In the United States, terms like date rape, acquaintance rape, and rape light are frequently used to describe rape, especially on college campuses. According to a National Crime Victimization Study conducted in 2005, two thirds of rapes in the United States were committed by a person the victim already knew. In fact, thirty-eight percent of rapists were friends or acquaintances. Considering the high percentage of rapes that are committed by people known to the victims, it is vital that these rapes be treated as serious crimes and that perpetrators be found guilty, despite the increased difficulty in prosecuting non-stranger rape cases.
On college campuses, predatory behavior includes predators targeting victims and supplying them with large amounts of alcohol or drugs. This further complicates the idea of consent, considering people under the influence cannot legally consent. As David Lisak, a prominent scholar focusing on sexual assault, stated at a lecture at Emory, “We don’t like to think of ‘our’ people as criminals, and most of our people are not, but that very small number are sex offenders. And once the pattern is established, it tends not to be something that just stops—it tends to go on.”
A 2006-2010 National Crime Victimization Survey found that 54% of sexual assaults in the United States went unreported.Additionally, according to David Lisak’s research, two thirds of rapists were repeat offenders; the average rapist committed 5.8 rapes. As Vice President Biden recently stated, “Colleges and universities need to face the facts about sexual assault. No more turning a blind eye or pretending it doesn’t exist. We need to give victims the support they need, like a confidential place to go, and we need to bring the perpetrators to justice.” At present, only three percent of rapists in the United States ever spend a day in jail.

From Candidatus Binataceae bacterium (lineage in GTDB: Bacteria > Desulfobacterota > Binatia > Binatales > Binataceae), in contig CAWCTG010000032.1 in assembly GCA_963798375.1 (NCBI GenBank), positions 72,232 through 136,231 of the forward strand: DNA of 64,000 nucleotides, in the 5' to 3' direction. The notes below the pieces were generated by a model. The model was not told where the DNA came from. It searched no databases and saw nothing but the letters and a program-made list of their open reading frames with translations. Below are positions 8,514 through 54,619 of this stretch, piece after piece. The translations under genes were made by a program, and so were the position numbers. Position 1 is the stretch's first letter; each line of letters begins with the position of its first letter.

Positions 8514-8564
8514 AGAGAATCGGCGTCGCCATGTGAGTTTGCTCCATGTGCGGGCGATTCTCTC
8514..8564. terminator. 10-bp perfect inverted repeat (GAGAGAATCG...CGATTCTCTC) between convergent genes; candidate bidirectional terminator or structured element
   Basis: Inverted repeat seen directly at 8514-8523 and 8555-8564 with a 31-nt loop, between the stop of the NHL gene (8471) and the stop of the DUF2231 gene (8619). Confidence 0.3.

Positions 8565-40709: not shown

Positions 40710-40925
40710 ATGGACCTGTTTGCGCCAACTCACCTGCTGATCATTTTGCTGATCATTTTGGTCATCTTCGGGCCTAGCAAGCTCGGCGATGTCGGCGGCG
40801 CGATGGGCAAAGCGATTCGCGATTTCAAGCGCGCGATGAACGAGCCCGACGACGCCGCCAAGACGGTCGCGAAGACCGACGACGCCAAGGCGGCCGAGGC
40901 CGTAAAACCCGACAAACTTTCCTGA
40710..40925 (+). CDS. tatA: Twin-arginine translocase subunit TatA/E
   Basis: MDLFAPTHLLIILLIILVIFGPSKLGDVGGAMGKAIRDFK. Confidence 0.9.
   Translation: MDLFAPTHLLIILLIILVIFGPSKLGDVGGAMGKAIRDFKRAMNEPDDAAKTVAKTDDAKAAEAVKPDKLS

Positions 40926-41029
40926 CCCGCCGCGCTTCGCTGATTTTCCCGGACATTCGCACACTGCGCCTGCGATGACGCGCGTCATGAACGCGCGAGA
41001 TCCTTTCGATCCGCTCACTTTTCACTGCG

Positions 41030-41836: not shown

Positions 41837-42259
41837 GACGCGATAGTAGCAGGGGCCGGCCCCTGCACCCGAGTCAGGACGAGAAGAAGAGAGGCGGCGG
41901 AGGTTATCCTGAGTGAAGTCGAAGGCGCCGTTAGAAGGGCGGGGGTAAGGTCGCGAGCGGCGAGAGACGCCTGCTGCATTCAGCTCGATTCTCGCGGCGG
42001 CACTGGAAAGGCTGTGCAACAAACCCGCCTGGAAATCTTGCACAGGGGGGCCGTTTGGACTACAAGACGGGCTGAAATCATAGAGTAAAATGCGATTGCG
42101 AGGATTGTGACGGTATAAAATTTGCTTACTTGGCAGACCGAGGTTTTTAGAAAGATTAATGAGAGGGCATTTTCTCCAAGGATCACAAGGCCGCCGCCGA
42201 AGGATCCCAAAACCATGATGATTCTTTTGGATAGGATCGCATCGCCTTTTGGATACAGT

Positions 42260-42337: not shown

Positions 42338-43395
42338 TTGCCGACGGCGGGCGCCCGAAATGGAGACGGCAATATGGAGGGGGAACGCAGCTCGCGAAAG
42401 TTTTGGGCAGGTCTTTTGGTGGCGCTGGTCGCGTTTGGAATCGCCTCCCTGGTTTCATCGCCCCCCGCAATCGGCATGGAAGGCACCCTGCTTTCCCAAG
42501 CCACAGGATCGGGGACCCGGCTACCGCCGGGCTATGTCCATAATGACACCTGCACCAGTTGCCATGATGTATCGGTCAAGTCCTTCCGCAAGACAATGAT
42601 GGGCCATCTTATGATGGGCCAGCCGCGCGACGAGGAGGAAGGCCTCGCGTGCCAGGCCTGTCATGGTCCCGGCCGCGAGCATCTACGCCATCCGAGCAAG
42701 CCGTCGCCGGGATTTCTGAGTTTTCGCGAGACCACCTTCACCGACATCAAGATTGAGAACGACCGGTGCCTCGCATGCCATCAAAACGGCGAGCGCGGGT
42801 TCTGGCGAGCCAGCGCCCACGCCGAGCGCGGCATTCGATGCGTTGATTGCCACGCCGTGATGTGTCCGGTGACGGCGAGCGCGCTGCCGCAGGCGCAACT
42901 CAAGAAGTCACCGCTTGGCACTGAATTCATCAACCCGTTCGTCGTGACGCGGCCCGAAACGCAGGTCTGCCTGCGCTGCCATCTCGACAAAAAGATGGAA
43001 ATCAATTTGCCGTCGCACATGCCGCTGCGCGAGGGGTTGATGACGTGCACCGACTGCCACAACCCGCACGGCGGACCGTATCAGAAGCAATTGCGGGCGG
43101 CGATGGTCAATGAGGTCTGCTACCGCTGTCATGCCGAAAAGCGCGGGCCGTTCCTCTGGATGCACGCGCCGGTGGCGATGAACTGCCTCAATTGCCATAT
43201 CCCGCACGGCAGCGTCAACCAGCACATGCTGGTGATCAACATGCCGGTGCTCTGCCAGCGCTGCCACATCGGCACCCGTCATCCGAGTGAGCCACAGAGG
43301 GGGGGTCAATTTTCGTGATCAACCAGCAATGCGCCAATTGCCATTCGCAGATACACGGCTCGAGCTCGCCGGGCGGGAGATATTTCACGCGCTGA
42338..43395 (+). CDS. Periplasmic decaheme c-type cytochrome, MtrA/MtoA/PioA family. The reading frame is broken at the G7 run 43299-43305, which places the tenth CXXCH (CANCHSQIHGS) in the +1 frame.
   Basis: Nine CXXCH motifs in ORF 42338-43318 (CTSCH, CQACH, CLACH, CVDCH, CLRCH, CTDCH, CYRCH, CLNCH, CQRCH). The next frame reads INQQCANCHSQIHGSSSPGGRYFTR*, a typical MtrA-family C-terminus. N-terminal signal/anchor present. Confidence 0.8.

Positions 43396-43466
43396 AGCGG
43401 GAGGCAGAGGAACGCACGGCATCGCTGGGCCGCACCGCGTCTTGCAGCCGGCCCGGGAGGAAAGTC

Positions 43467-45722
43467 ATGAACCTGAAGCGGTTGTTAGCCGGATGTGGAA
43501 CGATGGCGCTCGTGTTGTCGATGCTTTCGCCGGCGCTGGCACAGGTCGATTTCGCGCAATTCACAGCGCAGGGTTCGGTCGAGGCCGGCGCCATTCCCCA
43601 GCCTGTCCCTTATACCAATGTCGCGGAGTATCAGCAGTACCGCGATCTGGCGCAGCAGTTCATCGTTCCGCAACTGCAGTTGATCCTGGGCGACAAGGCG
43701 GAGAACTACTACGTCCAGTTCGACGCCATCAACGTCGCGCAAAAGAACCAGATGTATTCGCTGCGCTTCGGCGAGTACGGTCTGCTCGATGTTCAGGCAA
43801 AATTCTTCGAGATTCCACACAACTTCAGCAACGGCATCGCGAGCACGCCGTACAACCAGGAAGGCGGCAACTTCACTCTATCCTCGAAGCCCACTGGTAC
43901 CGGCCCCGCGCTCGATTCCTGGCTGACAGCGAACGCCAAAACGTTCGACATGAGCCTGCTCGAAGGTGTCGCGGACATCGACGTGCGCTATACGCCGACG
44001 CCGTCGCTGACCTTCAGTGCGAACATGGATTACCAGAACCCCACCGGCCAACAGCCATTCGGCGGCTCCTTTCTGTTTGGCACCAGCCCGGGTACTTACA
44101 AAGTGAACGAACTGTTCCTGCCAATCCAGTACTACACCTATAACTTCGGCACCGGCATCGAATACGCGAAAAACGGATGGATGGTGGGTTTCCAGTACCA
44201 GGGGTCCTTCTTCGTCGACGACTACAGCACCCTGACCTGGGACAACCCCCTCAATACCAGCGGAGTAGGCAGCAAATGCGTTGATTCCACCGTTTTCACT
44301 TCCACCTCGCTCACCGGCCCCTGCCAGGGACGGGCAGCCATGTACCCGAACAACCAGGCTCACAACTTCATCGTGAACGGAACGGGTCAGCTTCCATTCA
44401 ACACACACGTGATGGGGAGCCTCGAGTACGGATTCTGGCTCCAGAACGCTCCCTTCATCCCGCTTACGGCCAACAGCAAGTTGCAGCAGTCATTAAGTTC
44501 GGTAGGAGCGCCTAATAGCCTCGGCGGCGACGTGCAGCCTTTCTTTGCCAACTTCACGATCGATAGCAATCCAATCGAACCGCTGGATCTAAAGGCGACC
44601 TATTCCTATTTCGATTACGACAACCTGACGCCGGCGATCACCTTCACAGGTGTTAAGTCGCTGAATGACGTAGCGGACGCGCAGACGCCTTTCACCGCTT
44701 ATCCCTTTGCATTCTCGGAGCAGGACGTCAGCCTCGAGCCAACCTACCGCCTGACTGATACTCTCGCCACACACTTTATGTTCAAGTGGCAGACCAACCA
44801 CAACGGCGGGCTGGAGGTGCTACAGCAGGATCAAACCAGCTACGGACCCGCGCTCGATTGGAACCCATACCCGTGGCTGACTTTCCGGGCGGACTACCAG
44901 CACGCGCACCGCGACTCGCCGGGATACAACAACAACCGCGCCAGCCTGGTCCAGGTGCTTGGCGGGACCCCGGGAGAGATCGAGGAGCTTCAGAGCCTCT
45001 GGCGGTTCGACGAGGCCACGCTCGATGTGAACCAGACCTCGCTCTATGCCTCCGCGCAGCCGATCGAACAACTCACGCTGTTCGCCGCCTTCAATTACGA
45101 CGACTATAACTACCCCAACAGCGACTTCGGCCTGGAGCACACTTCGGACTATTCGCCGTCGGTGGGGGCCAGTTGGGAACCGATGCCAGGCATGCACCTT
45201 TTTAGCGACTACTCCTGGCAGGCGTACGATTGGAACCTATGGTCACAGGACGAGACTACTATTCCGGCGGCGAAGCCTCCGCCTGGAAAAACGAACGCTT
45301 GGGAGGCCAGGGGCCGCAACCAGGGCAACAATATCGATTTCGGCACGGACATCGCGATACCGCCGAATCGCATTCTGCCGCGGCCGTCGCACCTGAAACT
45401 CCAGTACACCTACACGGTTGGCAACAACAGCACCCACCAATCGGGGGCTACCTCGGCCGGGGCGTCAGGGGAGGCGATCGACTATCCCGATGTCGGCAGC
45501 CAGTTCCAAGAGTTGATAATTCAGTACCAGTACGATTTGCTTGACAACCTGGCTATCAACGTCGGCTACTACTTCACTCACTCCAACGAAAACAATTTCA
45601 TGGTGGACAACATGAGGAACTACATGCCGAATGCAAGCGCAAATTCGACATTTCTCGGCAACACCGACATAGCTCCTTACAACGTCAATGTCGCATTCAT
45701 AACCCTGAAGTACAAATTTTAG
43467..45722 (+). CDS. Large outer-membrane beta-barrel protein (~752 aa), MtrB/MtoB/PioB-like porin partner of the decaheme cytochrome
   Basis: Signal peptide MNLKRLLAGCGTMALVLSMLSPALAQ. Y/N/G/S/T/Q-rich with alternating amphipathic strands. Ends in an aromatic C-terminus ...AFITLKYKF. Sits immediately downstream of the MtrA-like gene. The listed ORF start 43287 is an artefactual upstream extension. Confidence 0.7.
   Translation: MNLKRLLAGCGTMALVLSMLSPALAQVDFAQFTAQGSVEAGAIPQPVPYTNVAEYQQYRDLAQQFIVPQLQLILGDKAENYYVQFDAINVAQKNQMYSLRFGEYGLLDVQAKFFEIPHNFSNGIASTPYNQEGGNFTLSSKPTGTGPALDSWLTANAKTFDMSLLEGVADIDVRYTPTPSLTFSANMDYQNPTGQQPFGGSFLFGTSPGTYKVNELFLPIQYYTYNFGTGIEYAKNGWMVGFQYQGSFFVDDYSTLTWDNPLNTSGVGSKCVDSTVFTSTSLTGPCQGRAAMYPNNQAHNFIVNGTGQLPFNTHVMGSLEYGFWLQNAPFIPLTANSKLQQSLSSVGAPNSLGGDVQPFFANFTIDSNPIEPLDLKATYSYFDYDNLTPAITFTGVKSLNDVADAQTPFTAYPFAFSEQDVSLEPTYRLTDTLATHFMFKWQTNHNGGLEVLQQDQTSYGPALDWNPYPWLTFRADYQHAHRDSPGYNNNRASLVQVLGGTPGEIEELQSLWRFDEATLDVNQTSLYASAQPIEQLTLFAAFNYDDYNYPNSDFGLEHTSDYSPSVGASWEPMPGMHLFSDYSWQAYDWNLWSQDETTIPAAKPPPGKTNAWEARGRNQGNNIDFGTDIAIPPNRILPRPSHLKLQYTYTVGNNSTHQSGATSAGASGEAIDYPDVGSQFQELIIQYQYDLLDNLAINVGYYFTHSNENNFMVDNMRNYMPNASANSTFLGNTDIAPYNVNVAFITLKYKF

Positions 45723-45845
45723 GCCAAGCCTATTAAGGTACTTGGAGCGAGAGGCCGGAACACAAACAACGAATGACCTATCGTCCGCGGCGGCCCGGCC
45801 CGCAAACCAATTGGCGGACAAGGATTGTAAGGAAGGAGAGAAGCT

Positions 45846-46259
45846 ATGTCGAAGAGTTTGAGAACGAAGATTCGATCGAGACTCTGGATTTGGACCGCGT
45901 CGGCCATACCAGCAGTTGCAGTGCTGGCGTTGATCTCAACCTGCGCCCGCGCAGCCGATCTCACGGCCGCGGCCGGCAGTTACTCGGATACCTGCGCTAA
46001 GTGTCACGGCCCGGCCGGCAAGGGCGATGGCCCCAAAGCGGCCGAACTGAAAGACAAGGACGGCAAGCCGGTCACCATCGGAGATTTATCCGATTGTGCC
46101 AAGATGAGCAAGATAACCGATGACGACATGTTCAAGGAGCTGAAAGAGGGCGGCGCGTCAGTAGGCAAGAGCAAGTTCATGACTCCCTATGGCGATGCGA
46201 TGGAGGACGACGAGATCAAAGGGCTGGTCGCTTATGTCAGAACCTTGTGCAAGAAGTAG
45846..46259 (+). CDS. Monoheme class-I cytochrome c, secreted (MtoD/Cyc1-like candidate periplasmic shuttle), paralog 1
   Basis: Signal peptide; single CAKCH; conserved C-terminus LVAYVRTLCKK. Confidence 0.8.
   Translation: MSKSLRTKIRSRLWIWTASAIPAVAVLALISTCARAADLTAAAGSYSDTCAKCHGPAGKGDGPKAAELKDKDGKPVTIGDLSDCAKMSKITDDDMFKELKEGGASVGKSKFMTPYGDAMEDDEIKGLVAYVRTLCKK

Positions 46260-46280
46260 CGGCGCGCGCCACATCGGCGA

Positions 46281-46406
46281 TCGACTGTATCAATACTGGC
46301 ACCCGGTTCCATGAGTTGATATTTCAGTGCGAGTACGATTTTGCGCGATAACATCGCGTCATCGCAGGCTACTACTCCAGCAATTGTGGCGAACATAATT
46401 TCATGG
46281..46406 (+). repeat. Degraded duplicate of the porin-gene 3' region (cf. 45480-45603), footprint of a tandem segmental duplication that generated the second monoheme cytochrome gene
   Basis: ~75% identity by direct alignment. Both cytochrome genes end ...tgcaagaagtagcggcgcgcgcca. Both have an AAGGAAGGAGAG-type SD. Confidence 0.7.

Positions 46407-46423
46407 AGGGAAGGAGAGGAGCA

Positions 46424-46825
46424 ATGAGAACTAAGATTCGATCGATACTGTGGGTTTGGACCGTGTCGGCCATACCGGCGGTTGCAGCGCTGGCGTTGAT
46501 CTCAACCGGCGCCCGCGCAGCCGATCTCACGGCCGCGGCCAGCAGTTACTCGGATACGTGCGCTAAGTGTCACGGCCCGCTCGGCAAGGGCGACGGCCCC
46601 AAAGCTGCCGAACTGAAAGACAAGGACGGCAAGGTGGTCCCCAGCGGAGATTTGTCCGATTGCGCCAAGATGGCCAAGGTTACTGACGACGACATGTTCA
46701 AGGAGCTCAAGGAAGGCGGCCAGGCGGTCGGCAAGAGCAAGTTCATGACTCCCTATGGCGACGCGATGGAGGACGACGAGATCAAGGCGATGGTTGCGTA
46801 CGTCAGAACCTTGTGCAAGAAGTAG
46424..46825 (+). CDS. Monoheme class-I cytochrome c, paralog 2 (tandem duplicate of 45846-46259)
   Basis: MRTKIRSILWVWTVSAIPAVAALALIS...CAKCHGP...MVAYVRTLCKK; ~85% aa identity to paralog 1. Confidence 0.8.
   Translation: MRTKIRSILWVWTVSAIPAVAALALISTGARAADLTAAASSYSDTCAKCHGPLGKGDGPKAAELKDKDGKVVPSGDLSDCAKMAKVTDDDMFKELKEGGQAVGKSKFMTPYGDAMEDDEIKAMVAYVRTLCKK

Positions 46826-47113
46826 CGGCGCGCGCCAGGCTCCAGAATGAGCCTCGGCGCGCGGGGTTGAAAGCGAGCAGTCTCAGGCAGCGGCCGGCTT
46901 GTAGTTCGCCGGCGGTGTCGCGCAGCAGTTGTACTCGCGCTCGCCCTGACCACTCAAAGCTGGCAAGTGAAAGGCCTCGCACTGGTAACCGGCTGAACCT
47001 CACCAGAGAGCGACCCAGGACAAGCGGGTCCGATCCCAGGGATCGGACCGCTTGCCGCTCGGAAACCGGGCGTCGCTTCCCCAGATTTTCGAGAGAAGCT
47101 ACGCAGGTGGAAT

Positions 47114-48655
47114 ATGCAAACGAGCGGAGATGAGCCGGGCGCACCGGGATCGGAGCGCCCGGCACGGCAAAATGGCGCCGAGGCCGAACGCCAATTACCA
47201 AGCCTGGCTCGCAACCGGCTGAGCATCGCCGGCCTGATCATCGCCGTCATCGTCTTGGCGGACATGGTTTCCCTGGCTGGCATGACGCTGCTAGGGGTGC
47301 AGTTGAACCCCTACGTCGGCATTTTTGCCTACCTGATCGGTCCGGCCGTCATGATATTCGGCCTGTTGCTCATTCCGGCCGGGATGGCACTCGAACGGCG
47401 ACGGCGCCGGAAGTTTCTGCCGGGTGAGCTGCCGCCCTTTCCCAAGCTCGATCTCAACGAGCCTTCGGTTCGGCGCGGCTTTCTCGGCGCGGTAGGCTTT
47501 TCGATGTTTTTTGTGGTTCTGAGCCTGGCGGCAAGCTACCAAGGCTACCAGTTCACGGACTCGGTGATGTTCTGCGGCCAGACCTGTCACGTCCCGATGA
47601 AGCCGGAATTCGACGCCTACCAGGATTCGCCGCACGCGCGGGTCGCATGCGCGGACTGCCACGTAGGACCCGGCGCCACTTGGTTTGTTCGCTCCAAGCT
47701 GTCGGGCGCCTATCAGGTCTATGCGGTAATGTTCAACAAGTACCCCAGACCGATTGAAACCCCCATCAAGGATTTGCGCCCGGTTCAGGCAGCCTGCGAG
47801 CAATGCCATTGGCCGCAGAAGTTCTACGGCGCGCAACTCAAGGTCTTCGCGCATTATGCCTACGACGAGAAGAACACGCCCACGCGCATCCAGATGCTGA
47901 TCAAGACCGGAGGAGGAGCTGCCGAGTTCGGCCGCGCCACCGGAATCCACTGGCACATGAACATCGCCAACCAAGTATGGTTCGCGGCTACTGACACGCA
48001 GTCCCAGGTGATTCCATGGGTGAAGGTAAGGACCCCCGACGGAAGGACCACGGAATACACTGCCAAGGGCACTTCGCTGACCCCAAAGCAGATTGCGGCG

At universities, rape cases are often heard by student conduct boards rather than through the criminal justice system. These boards mete out minimal punishments, in effect classifying college rapes as a non-criminal offense. While students may still turn to the criminal justice system, the student conduct board system is often pushed upon students in order to decrease the number of sexual assaults that are reported in accordance with the Jeanne Clery Act. For example, at Brown University a man was suspended for just one semester after raping and choking a fellow student. Cases are currently pending against Columbia University, the University of Chicago, and Tufts University regarding Title IX violations which created an unsafe environment for victims of sexual assault.
While the situations in the Democratic Republic of the Congo and the United States are extremely different in terms of the severity of abuses, the frequency of gang rape and the resources available for survivors, key similarities do exist. Unfortunately, in both countries a classification system which destigmatizes and decriminalizes some rape has emerged; unfortunately, in both countries the percentage of perpetrators sent to prison for their crimes is abominably low.